Epic Panel of the Week:
Cover Art of the Week:
That about wraps it up for our reviews this week! Look for next week’s previews coming soon. Any comic books you didn’t see reviewed that you want reviewed? Any grades you didn’t agree on? Let us know in the comments!
All images taken from ComiXology app and the credit for them goes to the respective publishers; thanks to IDW Comics, image Comics, Dark Horse, Boom! Studios, Dynamite Entertainment, DC and Marvel for putting out great books.
We open with chess pieces. The Governor is playing the strategy game with Megan again. They are in a new camp with a new group of survivors led by Martinez. Megan studies the board. Phillip Blake, still acting out the part of Brian Heriot, calls Megan “Pumpkin”. We cut away to where “Live Bait” left off with Martinez pulling Brian and Megan out of the zombie pit. Martinez allows The Governor back to the camp with his brood, under several conditions, “One, I’m in charge. Two, no dead weight. That goes for everyone.” The scene cuts back to the game. The Governor tells Megan that letting her win wouldn’t be winning – his daddy used to say so. He also says that his daddy used to beat him in everything, including fisticuffs. Because of his tone, we are led to believe that Philip was an abused child.
We are introduced to a new crew of zombie killing roughnecks, Mitch, Pete, and Alisha. Alisha is played by actress Juliana Harkavy of Graceland. Mitch is played by actor Kirk Acevedo, best known for his work on HBO’s OZ as Miguel Alvarez. Pete is played by Enver Gjokaj, known for his role as Victor on Joss Whedon’s Dollhouse series. It was exciting to see TV junkie fan favorites in this episode. I tend to give a series more credibility with known actors, especially if they come from The Wire! (Dear Tyresse and Bob, please come back into our lives.) Our new group is scouting the woods with “Brian” in the opening scenes. Sidenote: there’s some history in the book The Rise of the Governor that explains this more thoroughly, but we think that he changes his name because Brian only has one I…. get it?? One EYE! The exchange between Martinez and Philip is tense. Martinez immediately catches on to The Governor’s identity theft scam and plays along. We cut back to The Governor and Megan. The frame widens and just behind Brian is an army tank. Fans of the comic appreciate its significance. It remains to be seen whether or not that tank will be used to its full capacity.
This week’s episode of The Walking Dead is titled “Dead Weight.” We find Philip and Lilly clearly in a relationship. Their interaction reminds us of his relationship with Andrea. He deceived both of them. We are made to feel sorry for these women. If only they knew! Brian’s new family of Tara, Megan, and Lilly is dependent on Martinez concealing Brian’s true identity, the diabolical sociopath known as The Governor.
Martinez, Mitch, Pete and Brian go on patrol in the woods, and Mitch clearly doesn’t respect The Governor. He throws a jab at him. “Hey one eye, what you doing?” Brian is focused. We come upon a beheaded body strapped to a tree. The word LIAR is written on a sign and nailed to its torso. Back at camp Tara and Alicia have a flirtatious exchange. Grrh. The group finds another body, this time the word RAPIST is nailed to its cadaver. These bodies have led Martinez, Brian, Pete and Mitch to a cabin. MURDERER is nailed to the last body on the porch. They enter the cabin cautiously. They investigate and are attacked by biters. Brian shows his prowess by saving Pete’s life and reasserting his dominance. The scene is horrid. The severed heads of the bound corpses are rolling about on the cabin floor. We are given no explanation as to why, and it adds to the loss of humanity in this ghoulish nightmare.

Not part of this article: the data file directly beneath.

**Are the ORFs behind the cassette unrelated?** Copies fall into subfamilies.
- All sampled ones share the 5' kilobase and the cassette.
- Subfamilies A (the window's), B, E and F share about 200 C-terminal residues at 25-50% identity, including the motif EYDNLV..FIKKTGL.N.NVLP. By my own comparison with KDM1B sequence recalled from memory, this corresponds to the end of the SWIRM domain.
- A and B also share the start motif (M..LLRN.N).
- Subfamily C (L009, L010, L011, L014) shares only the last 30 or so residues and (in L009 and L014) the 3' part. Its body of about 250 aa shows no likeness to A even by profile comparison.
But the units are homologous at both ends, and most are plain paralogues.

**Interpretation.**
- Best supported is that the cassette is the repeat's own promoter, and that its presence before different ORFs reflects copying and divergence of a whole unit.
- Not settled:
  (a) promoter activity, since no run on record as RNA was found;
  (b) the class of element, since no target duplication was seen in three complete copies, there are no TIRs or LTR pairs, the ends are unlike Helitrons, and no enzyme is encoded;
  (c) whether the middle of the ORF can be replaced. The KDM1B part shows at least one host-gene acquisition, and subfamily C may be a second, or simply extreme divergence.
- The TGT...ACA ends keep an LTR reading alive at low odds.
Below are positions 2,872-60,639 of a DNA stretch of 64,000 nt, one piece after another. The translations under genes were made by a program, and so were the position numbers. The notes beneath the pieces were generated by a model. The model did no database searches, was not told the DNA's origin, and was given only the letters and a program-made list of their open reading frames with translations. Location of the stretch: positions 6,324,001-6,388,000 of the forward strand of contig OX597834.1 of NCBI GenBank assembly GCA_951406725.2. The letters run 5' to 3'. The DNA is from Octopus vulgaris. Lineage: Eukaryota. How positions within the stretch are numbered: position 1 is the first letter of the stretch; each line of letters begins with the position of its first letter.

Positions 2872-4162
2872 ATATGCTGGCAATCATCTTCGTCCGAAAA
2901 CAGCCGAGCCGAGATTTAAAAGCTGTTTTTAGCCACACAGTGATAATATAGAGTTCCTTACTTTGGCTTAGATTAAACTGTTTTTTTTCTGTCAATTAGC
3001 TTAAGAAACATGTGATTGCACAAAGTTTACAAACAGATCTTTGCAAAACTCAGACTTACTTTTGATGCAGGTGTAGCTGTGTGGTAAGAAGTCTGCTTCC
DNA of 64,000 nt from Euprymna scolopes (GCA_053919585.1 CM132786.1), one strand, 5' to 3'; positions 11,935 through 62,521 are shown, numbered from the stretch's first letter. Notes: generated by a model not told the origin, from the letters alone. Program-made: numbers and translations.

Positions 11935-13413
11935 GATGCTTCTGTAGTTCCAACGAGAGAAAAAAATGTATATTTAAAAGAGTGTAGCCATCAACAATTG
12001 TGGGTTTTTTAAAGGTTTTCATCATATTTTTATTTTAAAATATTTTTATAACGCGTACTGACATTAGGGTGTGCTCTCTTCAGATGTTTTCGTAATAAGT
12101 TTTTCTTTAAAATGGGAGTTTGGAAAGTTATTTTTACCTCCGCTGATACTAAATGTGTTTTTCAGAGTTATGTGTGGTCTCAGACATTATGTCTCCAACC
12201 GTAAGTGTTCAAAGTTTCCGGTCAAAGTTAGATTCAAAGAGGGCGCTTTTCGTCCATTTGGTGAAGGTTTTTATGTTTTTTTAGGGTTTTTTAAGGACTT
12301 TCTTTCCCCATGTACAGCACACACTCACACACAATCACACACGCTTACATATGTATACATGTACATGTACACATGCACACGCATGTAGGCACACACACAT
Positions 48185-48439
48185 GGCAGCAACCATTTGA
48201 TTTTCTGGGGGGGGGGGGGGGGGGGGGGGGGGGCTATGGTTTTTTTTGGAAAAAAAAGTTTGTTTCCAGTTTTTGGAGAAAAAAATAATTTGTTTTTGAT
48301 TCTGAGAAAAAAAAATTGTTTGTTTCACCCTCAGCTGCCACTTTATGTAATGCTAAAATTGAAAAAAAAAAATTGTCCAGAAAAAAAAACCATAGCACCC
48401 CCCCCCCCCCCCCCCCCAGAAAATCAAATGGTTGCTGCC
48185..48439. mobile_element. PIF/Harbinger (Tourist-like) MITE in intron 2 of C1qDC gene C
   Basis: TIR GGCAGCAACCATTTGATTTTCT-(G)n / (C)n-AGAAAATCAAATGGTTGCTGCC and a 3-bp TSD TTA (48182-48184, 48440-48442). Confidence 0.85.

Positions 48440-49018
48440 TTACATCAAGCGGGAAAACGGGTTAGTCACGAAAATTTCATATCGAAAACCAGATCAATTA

Martinez is clearly in charge. He tells The Governor that he wouldn’t have saved him from the pit if he had been alone. Martinez has lost complete respect for him. He isn’t The Governor’s subordinate anymore. Martinez has made a place for himself now. The four men spend the night in the cabin. Mitch finds beer and The Governor gives an disapproving look. One of the funniest lines of the season comes at this point, “I can never tell if he’s winkin’ or blinkin’.” Said in a Southern accent by the gruff Mitch makes for some of the best comedic timing and delivery in the show. In a tender moment, Mitch reveals that he was an ice cream truck driver turned army tank operator. Pete was at Fort Benning before the turn. Hooah.
We return back to the camp with the girls. The Governor doesn’t like the conversation between Martinez and Lilly. He is visibly upset when Martinez hints to their past community at Woodbury. Martinez and The Governor clearly are in a pissing match. They are both the alphas. At some point they will have to lock horns.
Martinez invites The Governor to his camper. Drunken, he shoots golf balls from the roof of his RV into the zombie pits. He reveals that Shumpert is dead and it was Martinez who ended up having to put the bullet in him. Martinez hits the ball into the great beyond, and tells The Governor to grab him another. My how the tables have turned! In my head, all I could think was “Who’s the bitch nooow?” Martinez suggests that they share the crown, and that’s when the fun begins! The Governor clubs him with a 5 iron. It was a swing Elin Nordegren would appreciate. The Governor kicks him over the side of the camper. Once down, he drags Martinez, like dead weight towards the biter pits as The Governor blubbers, “I don’t want it,” The biters pull Martinez into the pit. Martinez is a sacrifice, and the image is almost Christ-like. His arms are spread, as if some macabre stage dive at a concert. The hungry mass pulls him in.